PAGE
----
Eugene Robinson Live

Aug 28, 2013

Please note that Eugene will resume his regular Tuesday chat schedule next week. Chat with Post columnist Eugene Robinson about his latest columns and political news.

Greetings to all. As I write, I'm at the head of the Reflecting Pool looking toward the Washington Monument. The crowd is filling in, with President Obama's speech still a few hours away. I may have to break off a few minuts early, so let's get started. What a moment. What a dream.

Im somewhat puzzled by your argument that the President has to act against Assad for humanitarian reasons. What is the difference between Assad and Hussein's brutality? I assume you opposed the 2003 Iraq invasion. I know Iraq and Syria are not totally comparable, but they are not apples and oranges either.

This refers to yesterday's column calling for a punitive strike against Assad for using chemical weapons. I have argued all along that we need to stay out of Syria. I reluctantly conclude, however, that the principle that chemical weapons cannot bused is so important that some action must be taken. And realistically, that action has to be taken by us.

If we take out Syrias gas supply, and this is a BIG if, what do we do if Russia, China, or Iran sells Assad more? Where does this end?

It should end after we have delivered a punitive strike against some of Assad's military assets. I do not believe we should go farther.

I cannot think of a reason why any dictator should take Obama seriously. This is in all likelihood not the first time Assad used WMD. The red line Obama drew was crossed a while ago, just it didn't kill as many. As a independent that voted for Obama, its starting to look like the traditional conservative statement that liberals are afraid to use the military for anything and are too naive is looking true. Hopefully he will prove me wrong and finally try to reduce the slaughter.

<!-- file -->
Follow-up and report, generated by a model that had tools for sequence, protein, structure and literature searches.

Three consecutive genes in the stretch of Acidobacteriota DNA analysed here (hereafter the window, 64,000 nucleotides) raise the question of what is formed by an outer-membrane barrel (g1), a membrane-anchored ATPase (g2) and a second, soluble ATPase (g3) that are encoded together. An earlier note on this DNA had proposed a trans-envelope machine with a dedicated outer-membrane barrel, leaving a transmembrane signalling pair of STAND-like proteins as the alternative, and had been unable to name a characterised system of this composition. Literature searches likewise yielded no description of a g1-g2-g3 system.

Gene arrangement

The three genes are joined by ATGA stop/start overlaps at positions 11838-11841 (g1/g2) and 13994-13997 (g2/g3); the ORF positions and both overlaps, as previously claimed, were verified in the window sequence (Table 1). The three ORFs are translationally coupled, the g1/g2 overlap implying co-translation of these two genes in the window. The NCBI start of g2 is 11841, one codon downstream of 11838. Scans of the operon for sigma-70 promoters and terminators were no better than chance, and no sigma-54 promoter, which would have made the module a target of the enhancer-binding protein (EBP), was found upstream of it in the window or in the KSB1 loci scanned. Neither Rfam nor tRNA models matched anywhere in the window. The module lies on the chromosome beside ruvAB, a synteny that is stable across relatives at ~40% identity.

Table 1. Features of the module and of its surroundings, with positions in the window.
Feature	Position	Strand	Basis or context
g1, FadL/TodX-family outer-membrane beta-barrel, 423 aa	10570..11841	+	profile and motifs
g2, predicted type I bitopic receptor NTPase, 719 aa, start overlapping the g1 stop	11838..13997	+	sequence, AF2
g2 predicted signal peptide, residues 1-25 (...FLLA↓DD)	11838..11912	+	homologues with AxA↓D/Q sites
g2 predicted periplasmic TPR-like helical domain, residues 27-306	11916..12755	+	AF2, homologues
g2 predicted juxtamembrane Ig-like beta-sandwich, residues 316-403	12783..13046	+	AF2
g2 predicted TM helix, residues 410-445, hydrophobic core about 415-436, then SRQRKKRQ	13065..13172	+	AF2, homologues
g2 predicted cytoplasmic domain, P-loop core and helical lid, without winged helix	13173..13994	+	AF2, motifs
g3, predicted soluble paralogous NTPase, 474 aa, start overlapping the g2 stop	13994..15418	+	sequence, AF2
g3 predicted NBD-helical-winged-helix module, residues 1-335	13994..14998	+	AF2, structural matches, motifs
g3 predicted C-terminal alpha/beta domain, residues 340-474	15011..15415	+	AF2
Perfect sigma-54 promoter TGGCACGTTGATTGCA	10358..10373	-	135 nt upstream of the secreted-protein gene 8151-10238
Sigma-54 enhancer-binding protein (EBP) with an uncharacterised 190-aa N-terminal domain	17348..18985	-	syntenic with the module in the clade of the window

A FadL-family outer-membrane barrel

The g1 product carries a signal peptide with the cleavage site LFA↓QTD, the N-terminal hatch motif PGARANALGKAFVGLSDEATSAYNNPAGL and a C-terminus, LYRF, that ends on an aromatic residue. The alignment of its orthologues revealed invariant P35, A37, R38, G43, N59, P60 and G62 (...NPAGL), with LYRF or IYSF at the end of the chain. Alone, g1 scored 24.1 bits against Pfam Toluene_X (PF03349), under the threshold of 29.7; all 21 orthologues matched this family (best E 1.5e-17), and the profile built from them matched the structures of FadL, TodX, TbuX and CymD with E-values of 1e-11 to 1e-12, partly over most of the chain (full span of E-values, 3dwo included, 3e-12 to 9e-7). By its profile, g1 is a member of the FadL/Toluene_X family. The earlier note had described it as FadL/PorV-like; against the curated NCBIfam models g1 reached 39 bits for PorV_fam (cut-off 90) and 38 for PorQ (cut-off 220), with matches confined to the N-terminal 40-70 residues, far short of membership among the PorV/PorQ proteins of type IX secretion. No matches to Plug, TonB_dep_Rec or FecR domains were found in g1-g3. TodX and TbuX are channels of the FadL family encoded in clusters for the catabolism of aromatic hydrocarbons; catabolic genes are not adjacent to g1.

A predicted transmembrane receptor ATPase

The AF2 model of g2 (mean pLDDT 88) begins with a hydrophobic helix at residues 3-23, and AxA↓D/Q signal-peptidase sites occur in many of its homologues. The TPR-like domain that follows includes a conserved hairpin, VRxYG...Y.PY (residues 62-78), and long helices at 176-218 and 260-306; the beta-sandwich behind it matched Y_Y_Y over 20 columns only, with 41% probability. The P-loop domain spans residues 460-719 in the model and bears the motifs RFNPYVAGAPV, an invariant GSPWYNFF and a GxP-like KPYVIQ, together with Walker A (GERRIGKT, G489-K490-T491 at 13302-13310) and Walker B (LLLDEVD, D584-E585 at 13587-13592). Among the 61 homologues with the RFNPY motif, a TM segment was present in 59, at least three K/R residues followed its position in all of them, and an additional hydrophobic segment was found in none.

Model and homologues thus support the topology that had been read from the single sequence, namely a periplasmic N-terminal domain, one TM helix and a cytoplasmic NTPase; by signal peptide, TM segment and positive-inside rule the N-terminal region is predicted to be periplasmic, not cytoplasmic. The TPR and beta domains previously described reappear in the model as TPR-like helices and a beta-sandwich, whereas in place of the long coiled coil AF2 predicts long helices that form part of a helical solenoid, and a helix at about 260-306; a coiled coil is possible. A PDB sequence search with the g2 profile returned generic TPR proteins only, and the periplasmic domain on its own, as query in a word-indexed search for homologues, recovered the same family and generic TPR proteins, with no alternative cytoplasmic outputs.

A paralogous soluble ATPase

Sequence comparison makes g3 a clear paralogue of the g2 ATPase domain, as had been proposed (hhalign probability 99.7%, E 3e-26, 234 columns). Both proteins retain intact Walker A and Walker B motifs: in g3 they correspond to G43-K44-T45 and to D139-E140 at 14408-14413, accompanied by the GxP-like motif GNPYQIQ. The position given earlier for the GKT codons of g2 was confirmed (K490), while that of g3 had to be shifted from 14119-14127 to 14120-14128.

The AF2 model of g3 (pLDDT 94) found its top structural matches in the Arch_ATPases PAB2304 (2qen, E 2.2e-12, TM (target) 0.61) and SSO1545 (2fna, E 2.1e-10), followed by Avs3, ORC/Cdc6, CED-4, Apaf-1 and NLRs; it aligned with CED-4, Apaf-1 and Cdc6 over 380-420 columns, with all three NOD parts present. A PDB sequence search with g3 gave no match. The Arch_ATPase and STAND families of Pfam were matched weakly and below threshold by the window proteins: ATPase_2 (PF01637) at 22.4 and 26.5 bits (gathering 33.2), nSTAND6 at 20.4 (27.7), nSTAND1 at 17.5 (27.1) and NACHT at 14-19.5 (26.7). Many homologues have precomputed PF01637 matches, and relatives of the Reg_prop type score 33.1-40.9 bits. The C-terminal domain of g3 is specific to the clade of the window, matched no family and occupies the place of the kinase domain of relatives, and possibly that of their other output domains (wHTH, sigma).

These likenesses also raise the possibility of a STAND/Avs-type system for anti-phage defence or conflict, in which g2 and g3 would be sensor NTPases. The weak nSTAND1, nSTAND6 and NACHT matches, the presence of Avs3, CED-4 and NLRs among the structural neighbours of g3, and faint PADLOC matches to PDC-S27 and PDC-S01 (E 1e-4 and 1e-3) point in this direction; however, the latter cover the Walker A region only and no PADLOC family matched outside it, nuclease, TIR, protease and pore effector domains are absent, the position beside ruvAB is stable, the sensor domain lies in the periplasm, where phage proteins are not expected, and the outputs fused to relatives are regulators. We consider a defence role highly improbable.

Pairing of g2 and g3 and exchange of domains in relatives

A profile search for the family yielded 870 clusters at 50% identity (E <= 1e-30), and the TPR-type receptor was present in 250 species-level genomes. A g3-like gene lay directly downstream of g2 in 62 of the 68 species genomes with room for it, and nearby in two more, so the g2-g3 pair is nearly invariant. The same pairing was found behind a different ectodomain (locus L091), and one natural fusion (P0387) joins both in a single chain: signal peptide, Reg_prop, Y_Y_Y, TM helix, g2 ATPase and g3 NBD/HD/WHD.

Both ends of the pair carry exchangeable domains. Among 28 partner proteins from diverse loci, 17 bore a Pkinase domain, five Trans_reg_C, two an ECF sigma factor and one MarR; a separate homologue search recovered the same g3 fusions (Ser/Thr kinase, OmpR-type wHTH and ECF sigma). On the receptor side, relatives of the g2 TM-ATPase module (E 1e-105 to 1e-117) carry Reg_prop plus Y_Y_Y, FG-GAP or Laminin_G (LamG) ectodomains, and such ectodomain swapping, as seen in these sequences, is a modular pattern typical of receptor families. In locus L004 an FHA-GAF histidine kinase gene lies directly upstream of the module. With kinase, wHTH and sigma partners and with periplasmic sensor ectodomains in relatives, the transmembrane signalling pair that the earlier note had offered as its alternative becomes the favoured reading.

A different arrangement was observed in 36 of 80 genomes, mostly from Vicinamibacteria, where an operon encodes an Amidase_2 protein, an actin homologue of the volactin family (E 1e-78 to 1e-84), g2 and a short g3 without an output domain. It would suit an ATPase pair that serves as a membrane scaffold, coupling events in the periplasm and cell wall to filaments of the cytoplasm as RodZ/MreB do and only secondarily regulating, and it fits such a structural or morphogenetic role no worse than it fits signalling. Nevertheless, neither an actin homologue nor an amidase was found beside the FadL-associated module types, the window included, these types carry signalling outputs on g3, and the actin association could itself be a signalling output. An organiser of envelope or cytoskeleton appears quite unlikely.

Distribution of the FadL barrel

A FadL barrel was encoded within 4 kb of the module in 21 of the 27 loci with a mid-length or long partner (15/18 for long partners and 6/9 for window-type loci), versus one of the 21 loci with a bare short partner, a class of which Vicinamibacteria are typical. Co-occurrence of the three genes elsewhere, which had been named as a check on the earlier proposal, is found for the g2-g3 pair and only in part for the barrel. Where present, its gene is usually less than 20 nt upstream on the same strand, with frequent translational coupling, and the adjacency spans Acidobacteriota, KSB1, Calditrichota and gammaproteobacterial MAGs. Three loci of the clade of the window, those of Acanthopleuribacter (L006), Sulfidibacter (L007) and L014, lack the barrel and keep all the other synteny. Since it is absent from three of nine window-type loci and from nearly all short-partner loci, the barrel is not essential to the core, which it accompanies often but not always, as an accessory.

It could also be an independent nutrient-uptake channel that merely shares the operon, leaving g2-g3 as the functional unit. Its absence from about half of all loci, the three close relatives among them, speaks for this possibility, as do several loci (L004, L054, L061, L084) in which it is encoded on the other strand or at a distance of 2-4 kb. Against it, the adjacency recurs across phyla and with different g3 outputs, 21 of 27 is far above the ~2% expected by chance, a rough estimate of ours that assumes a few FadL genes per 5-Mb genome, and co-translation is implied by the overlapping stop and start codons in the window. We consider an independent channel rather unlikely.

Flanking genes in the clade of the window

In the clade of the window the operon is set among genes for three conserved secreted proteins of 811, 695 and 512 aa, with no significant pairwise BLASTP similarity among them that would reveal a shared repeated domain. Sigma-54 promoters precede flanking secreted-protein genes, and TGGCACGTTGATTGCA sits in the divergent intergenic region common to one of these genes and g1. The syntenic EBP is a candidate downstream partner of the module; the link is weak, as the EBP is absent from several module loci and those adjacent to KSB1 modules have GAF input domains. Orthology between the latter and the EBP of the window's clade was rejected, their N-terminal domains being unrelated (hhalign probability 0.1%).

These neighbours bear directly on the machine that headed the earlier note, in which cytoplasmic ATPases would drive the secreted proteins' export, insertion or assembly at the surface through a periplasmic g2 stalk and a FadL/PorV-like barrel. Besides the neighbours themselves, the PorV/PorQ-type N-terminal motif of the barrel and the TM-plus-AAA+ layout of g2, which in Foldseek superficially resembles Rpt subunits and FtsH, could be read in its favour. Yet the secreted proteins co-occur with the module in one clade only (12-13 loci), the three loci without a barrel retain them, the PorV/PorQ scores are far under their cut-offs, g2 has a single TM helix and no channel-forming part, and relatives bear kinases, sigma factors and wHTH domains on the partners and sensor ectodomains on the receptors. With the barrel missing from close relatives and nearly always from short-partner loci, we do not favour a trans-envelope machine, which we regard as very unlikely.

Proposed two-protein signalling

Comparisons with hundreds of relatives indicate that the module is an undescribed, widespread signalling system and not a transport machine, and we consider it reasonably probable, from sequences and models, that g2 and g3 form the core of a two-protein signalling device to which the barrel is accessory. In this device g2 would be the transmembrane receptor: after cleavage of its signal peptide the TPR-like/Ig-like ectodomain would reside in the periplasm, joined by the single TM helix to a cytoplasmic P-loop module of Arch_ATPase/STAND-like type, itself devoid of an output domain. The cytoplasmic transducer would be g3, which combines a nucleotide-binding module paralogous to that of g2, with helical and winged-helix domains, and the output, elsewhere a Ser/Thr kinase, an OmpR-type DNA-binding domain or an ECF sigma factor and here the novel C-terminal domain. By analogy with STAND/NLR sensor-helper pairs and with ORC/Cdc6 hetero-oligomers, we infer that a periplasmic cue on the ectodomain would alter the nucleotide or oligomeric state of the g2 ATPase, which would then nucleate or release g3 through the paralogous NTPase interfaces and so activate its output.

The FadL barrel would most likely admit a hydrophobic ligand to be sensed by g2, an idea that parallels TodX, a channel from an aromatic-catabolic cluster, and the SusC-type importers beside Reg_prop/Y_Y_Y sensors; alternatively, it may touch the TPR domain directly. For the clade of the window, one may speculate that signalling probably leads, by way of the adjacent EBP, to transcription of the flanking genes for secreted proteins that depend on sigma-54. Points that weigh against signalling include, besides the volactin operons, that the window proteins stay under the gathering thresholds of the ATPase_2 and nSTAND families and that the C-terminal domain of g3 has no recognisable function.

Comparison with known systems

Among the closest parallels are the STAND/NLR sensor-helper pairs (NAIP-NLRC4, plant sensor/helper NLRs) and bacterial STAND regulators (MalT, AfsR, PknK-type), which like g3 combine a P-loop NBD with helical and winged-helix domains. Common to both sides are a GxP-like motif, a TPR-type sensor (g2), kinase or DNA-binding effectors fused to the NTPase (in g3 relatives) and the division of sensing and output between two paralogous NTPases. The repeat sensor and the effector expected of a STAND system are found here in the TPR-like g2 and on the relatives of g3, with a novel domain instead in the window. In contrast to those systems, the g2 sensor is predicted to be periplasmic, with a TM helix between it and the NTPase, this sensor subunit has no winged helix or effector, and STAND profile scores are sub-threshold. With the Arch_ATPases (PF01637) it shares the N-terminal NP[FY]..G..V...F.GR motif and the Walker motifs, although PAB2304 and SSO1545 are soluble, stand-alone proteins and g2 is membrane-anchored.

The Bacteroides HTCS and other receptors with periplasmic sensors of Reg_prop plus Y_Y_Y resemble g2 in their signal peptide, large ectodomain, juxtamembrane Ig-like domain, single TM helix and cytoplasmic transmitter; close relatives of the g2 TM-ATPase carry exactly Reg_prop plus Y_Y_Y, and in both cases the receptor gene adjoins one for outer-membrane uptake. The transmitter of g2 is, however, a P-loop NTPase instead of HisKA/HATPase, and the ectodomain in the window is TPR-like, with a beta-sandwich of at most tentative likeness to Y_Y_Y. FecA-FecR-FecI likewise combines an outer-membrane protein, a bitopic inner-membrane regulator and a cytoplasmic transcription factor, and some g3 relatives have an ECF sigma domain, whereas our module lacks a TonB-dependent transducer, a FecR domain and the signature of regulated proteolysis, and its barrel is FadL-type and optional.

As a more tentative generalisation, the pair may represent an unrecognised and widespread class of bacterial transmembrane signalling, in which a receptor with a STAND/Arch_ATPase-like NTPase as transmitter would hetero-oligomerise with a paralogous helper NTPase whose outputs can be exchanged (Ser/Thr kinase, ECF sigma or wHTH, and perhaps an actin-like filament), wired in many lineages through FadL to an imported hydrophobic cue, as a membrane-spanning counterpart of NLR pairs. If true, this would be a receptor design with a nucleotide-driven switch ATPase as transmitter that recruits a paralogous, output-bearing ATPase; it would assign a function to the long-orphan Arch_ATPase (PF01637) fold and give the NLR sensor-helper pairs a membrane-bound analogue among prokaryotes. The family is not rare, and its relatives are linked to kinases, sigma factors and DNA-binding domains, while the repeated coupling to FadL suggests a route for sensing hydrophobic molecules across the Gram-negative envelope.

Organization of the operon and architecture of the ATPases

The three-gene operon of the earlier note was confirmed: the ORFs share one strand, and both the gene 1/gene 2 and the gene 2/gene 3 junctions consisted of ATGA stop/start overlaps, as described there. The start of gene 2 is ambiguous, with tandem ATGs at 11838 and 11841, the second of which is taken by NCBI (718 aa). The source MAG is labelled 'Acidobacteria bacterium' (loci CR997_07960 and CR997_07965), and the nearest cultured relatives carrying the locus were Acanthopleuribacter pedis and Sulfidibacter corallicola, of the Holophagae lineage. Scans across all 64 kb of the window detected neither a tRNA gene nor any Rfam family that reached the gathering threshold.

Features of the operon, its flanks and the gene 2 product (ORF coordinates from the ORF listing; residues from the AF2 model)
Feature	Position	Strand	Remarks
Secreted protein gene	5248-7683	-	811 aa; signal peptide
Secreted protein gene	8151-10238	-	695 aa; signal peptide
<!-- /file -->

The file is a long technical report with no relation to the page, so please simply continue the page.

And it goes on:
Oh come on. If there's anything we know for sure about President Obama it is that he is no pacifist. He authored a surge in Afghanistan and ramped up the drone program into what is frankly a killing machine. He is sensibly reluctant to wade into Syria, where there are no good answers. The kind of strike I am talking about will not end the suffering but might deter future use of chemical weapons.

Where were you 50 years ago today? What has happened since then that you thought could only be a dream? What hasn't happened that you thought would?

How much time you got? I was a 9-year-old in Orangeburg, SC. Th schools were segregated. Public facilities, including playgrounds, were segregated. Gas stations had three rest rooms -- one marked "colored." Black people were systematically denied the vote. There were communities where no black person would be caught after dark because of the Klan. What has changed? Everything. The dream is not entirely fulfilled, to be sure, but it is a different world.

I respected Rand Paul attempting to reach out to African American students, even if his message did not go over well. Do you see anything the GOP can do? It seems to me most blacks see government as a force of good, and unless republicans become democrats 2.0, advocating government activism, it's a lost cause for the GOP.